How Trauma Operates In The Brain and Body


How trauma operates in the brain & body


The cortex is our thinking brain. We think things through and decide how to act.

85% of UK adults are experiencing stress (trauma) regularly. When this happens the cortex shuts down in the service of survival so that our instincts can take over in order to act to save our lives. The amygdala fires (stress centres of the brain) when we are threatened and our instincts take over. This is when our cortex, the executive brain, shuts down. It is often only after that happens that we feel afraid. Our instincts prime the fear. That is a sophisticated, adaptive function that humans have developed over centuries.  When trauma is unresolved, our system is still prepared to respond to the trauma (stress).  In the UK 32% of adults said they had experienced suicidal feelings as a result of stress. In 18-24 year olds this figure was 39%.

It might be harder to think clearly, especially when we are faced with repeated triggers such as, driving after a frightening car accident. Driving might become a frightening, overwhelming experience that feels like being on ‘red alert’. It is better to mistake a stick for a snake if we’ve had past experience with a threat.  We are wired for survival.

How Trauma Shows up

Are we like this all the time or only when triggered?

In the UK 85% of adults are experiencing stress regularly.

Some people, with challenging lives (e.g. living with an alcoholic parent or narcissistic emotional abuse), live in dysregulation. We live life ‘walking on eggshells’. If you don’t notice, you can’t regulate, and it gets to a certain point when life is too difficult to reduce fearful arousal and the primitive responses take over most of the time.

Most of us have triggers that will send our arousal to extreme levels. Triggers remind us of past threats. For example, you might tense when you see a police car or a big dog, or hear a certain tone of voice. Or you might suddenly feel tense but don’t know why.

Trauma first and foremost effects the body. Thinking your way out does not work. Emotions shows up in our body, out of our awareness often showing up in stressful ways such as racing heart, tense muscles or tight chest.

When arousal starts to go up, if we can be mindful of those signals, we have an opportunity to regulate ourselves back to normal quickly by connecting with our bodies.

The integrated fields of Trauma Release Exercises & Integrated Energy Psychology which offer regulatory self-care interventions are very effective trauma informed care for self regulation.

These techniques combine touch, talk and nervous system (vagal tone) regulation which when used properly reduce arousal and quickly regulate the system again. When our system is regulated we open our window of tolerance and can move forward.

Other interventions that target the body through sound frequencies such as Safe and Sound Protocol SSP can also be very effective.


We need to be grounded and contained to think clearly.  The rush to be normal after challenging events is a form of structural dissociation, which keeps us functioning. We go to work, we feed our families, we ‘get on with it’. However, it is not a grounded or present state of being.

After trauma we just want to get on with normal life, while another other part of us is still holding the trauma, even when it’s over. To be fully recovered and be present again with the world (and our feelings) we have to tend the wounds first.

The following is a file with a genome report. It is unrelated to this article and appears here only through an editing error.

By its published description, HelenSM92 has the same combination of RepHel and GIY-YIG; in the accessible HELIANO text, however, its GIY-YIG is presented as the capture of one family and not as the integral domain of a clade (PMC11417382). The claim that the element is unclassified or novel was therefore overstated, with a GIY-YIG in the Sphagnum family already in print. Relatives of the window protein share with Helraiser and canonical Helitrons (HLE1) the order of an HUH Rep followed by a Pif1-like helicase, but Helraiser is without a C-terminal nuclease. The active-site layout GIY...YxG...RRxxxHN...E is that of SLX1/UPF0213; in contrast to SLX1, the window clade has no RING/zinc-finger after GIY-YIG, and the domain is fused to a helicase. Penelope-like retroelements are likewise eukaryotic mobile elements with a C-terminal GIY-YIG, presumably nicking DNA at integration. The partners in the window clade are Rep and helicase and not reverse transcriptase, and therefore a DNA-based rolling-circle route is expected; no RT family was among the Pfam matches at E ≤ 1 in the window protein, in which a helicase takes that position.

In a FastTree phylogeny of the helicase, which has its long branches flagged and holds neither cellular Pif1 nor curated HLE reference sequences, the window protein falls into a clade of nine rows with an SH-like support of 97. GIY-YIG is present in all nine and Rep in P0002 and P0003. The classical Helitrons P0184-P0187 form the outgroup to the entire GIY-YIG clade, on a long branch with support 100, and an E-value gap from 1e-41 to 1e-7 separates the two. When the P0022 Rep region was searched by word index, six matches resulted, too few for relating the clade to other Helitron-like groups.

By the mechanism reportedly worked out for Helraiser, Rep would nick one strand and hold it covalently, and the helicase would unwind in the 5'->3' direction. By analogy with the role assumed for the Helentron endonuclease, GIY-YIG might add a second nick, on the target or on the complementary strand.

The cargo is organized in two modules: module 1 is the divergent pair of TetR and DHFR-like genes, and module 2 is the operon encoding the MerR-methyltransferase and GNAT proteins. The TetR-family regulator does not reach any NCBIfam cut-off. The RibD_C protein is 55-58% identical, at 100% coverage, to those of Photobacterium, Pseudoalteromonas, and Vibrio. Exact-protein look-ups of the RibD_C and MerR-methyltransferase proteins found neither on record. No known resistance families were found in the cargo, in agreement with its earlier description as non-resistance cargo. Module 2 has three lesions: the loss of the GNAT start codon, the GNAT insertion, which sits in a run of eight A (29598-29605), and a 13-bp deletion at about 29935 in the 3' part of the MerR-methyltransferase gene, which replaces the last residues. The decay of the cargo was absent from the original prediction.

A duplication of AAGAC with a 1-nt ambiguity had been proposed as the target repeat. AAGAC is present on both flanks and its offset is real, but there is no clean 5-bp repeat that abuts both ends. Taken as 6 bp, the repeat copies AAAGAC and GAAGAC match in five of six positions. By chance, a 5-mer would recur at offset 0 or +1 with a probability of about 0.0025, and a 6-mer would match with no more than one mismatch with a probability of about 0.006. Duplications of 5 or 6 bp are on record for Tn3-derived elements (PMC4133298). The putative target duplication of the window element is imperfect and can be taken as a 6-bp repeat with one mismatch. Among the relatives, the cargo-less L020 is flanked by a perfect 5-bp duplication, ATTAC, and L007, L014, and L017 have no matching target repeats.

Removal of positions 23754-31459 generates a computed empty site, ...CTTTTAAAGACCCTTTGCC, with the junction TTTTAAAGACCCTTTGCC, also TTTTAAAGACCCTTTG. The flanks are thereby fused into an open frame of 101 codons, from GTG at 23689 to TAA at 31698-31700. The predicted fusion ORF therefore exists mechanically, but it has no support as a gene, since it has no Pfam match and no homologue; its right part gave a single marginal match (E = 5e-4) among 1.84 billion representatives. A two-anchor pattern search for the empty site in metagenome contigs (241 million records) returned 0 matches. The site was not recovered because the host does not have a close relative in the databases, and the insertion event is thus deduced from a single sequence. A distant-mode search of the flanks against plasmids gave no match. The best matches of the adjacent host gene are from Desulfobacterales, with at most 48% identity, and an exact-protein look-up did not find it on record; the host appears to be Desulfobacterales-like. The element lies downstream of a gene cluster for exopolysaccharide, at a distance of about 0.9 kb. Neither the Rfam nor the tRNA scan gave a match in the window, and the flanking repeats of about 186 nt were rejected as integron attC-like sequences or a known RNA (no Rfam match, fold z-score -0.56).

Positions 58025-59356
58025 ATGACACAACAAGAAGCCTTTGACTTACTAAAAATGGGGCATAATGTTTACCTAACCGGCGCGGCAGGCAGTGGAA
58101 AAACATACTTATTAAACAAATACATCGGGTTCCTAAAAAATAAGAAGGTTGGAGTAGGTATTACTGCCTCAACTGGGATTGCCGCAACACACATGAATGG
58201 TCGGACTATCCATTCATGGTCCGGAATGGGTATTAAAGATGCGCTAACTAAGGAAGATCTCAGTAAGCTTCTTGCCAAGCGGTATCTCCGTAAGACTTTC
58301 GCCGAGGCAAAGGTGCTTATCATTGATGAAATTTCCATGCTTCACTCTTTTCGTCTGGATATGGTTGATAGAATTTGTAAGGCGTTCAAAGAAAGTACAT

However we cut ourselves off from our emotions in key ways in order to ‘get on with life’. In extreme events if we didn’t do this life would be intolerable. However we often find ways to justify staying disconnected and justify keeping a ‘stiff upper lip’.


Can we cope in emergencies?

  • It is essential that we learn how to contain our extreme reactions. If we don’t we could lose our lives e.g. when driving.
  • Every person has to find what works for them, there is not a one size fits all solution.
  • We can learn regulation skills so that we don’t get lost in extreme reactions.
  • If we can refocus mindful attention on the body it is often easier to let a negative thought go. We let the somatic resource effect the nervous system.  For a traumatised person with a tight diaphragm a deep breath is hard, but can be developed.
  • However, although it is simple, it is not speedy. A gentle pace is required to change our trigger responses. 

How do I start?

We often expect useful solutions to be more sophisticated, but using the doorway of the body can be incredibly effective in trauma recovery.

You cannot go to a good place with your mind unless your body is in a regulated state.

Taking physical action in the moment, such as a hand on the chest, lengthening the spine, feeling the feet on the ground or containing with a self-hug can help.

Additionally learning to use somatic techniques such as EFT Tapping or TRE Shaking have helped thousands around the world.

Keep it simple. Do something to move the body. Any action we can take, mitigates the effect of trauma. Simple actions do SOMETHING to move us forward….and that is a start.

Bouncing ball, taking a walk, talking on the phone, kitchen disco, yoga, reaching out, volunteering taking some action to help others, protest responsibly, help a neighbour, write a blog post, asking what can I do today for myself?

As well as paying deep attention to friendship, music, art etc, the things that fulfil us.

The package of modalities that I teach which include SSP Safe and Sound Protocol, Emotional Freedom Techniques (EFT Tapping), Heart Assisted Therapy (HAT) and Trauma Release Exercises (TRE) are extremely effective doorways that I have found to help reduce the acid sting of trauma and un-couple the mechanisms that hijack us.